Walking around Tasmania (part 7) : The Hike, Facts and Thoughts

A week after finishing the South Coast Track, I walked the remaining stretch back to Hobart and I had done it: I walked around Tasmania, covering 1,604 kilometres in 58 days and quite a few rest days on top of that. I walked back to Pilgrim Coffee, where I had begun my hike originally, and it’s where I finished, although by the time I got there, it was already closed. To go full circle, I went back the following day for a coffee to let it all sink in.

Departure date: 22 October 2016
Arrival date: 4 January 2017
Total walking days: 58
Total km walked: 1,604
Max km in one day: 57
Average km per day: 28
Longest period without shower: 14 days
Nr of tent attacks by wildlife: 1, possibly 2
Cutest animal seen: Echidna
Cutest animal seen dead only: Wombat
Scariest animal seen: Cows (yes, cows)
What I won’t miss: Mud; The smell of roadkill
What I will remember: Mud; Unexpected kindness of people; White sand beaches

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I used to go camping with my parents as a child, and for years, I thought I would never camp again. But suddenly and unexpectedly, that had changed and I lived in a tent for close to three months. I had let nature prevail and decide my faith. I had smelled the incessant scent of roadkill in the burning sun, and watched wallabies hop outside my tent at night. I enjoyed the subtle loneliness of being on the edge of society. Someone on the outside, who looks in, but never joins in. Despite my tent having been attacked by a possum, and feeling scared numerous times, I had been safe all the way through, on motorways and trails and gravel roads in the middle of nowhere with no phone service or whatsoever. I camped in national parks and campsites and on the side of the road. I made it and I had enjoyed it, despite hating every second of it at the same time.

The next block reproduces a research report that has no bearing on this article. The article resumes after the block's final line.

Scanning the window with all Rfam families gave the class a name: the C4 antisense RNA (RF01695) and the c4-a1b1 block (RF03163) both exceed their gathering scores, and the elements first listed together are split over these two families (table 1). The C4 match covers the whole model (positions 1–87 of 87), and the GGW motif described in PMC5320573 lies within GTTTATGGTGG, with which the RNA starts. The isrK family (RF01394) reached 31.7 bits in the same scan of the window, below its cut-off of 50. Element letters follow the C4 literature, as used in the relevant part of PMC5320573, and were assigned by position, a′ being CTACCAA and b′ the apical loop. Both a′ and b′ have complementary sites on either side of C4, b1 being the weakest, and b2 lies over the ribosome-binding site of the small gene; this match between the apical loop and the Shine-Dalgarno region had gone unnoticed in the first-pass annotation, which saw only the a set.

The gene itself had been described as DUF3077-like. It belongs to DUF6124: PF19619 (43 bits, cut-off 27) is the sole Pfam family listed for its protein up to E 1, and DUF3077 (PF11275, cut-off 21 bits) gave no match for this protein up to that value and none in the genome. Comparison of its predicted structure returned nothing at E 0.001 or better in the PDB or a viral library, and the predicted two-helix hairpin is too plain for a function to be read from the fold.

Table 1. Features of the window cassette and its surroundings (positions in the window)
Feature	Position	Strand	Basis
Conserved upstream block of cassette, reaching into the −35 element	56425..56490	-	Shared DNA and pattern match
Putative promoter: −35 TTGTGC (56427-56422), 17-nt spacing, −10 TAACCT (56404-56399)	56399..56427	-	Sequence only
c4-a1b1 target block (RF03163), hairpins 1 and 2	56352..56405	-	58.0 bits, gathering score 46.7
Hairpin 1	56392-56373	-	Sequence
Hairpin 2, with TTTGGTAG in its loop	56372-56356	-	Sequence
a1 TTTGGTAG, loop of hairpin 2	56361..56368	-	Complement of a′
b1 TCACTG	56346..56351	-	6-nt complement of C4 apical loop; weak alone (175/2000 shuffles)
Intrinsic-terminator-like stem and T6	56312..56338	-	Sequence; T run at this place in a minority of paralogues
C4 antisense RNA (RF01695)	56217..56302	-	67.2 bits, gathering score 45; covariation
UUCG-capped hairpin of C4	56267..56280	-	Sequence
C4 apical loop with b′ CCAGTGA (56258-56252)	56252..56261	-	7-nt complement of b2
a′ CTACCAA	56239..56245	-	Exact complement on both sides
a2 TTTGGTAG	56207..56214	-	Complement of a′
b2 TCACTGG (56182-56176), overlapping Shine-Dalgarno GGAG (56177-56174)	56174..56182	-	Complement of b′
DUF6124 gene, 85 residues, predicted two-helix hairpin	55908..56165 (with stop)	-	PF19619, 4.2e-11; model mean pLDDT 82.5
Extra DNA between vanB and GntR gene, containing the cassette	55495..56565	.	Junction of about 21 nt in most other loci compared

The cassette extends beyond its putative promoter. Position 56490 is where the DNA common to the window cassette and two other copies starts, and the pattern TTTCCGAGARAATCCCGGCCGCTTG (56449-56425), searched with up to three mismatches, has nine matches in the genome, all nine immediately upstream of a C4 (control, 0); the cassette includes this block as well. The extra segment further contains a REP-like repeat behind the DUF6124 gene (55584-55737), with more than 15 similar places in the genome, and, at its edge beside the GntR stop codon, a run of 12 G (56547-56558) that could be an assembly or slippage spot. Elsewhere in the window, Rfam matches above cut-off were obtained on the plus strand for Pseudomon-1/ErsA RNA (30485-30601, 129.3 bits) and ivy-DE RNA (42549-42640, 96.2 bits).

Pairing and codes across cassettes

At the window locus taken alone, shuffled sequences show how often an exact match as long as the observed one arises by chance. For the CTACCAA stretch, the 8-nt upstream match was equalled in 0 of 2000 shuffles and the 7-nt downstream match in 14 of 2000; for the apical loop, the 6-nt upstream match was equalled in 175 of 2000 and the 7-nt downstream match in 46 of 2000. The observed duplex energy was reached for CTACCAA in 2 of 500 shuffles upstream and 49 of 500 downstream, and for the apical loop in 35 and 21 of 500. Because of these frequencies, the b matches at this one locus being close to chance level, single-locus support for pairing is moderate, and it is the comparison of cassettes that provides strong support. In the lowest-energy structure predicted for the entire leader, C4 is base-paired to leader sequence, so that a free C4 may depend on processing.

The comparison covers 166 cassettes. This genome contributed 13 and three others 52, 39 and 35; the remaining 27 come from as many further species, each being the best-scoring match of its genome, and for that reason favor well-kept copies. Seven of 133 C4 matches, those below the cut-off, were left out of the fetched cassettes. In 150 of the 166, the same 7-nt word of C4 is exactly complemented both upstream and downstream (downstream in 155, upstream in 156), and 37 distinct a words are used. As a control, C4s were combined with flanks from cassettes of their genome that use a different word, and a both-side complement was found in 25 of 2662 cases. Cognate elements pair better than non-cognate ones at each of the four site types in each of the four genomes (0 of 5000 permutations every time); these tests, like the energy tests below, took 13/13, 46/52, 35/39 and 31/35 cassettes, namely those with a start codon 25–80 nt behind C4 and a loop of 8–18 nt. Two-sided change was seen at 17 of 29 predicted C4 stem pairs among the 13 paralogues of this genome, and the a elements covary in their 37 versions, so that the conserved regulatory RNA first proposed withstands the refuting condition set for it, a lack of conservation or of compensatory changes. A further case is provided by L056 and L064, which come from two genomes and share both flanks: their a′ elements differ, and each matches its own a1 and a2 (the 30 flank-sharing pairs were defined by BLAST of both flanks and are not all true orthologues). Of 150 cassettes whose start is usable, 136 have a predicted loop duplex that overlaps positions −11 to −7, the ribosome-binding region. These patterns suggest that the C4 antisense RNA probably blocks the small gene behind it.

I was tortured by the physical pain of my feet and shaped my days around it. Every day I would wake and they would be stiff, and I would take some time to hobble around and warm up and get the movement back in my ankles again. I hunched under the weight of my pack, which wasn’t even that bad, but considering my small frame and the distance I was walking, it was. Eleven kilos without food or water was too much for a base weight, but I couldn’t do anything about it. I had sent all the things home that I could part with and I was too inexperienced to part with anything else.

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The first ten kilometres of each day passed in a free and mostly uplifted spirit. Then it would change. Up to 20 kilometres, the struggle was sudden and ever so real, and quickly unbearably so. I would make it to 30 even though I didn’t know what to do with myself, and getting to 40 was nothing short of torture. I always hoped those long days didn’t need to happen, but they happened more often than I could cope with. Walking around London without a pack and hurrying through the crowd was an entirely different thing, I quickly realised. The fast city walking was something incomparable, wholly unrelated to the trail, carrying all your belongings on your back.

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Towards the end of my trip in Tasmania, my left foot began to hurt beyond the usual pain from walking every day with a pack on my back. I left for Tokyo and walked the Tokaido route with the same pain, and it wasn’t until a month later that I realised I had strained a ligament, and was hiking with plantar fasiitis, something that can take months or years to heal.

But it doesn’t matter, because my feet are going to hurt regardless, and I doubt I’ll ever be able to hike 60 kilometers a day like some people do, but I’m going to walk anyways. Walk and wake up at the crack of dawn and be part if every inch of the landscape that surrounds and embraces me and feel every second of pain that comes with it.

Processed with VSCO with hb2 presetI dont consider hiking a holiday, and I wouldn’t necessarily describe it as something ‘fun’. If I was after those things, I would book a hotel for three weeks somewhere near a beach in a sunny place. It’s a challenge and an attempt to simplify and slow down in a time where opulence and consumentism and neverending expectations are unescapable. It’s to see whether I would survive natural selection if this was still at play. It’s to see if I could thrive.

To simplify the act of living and just: walk.

 

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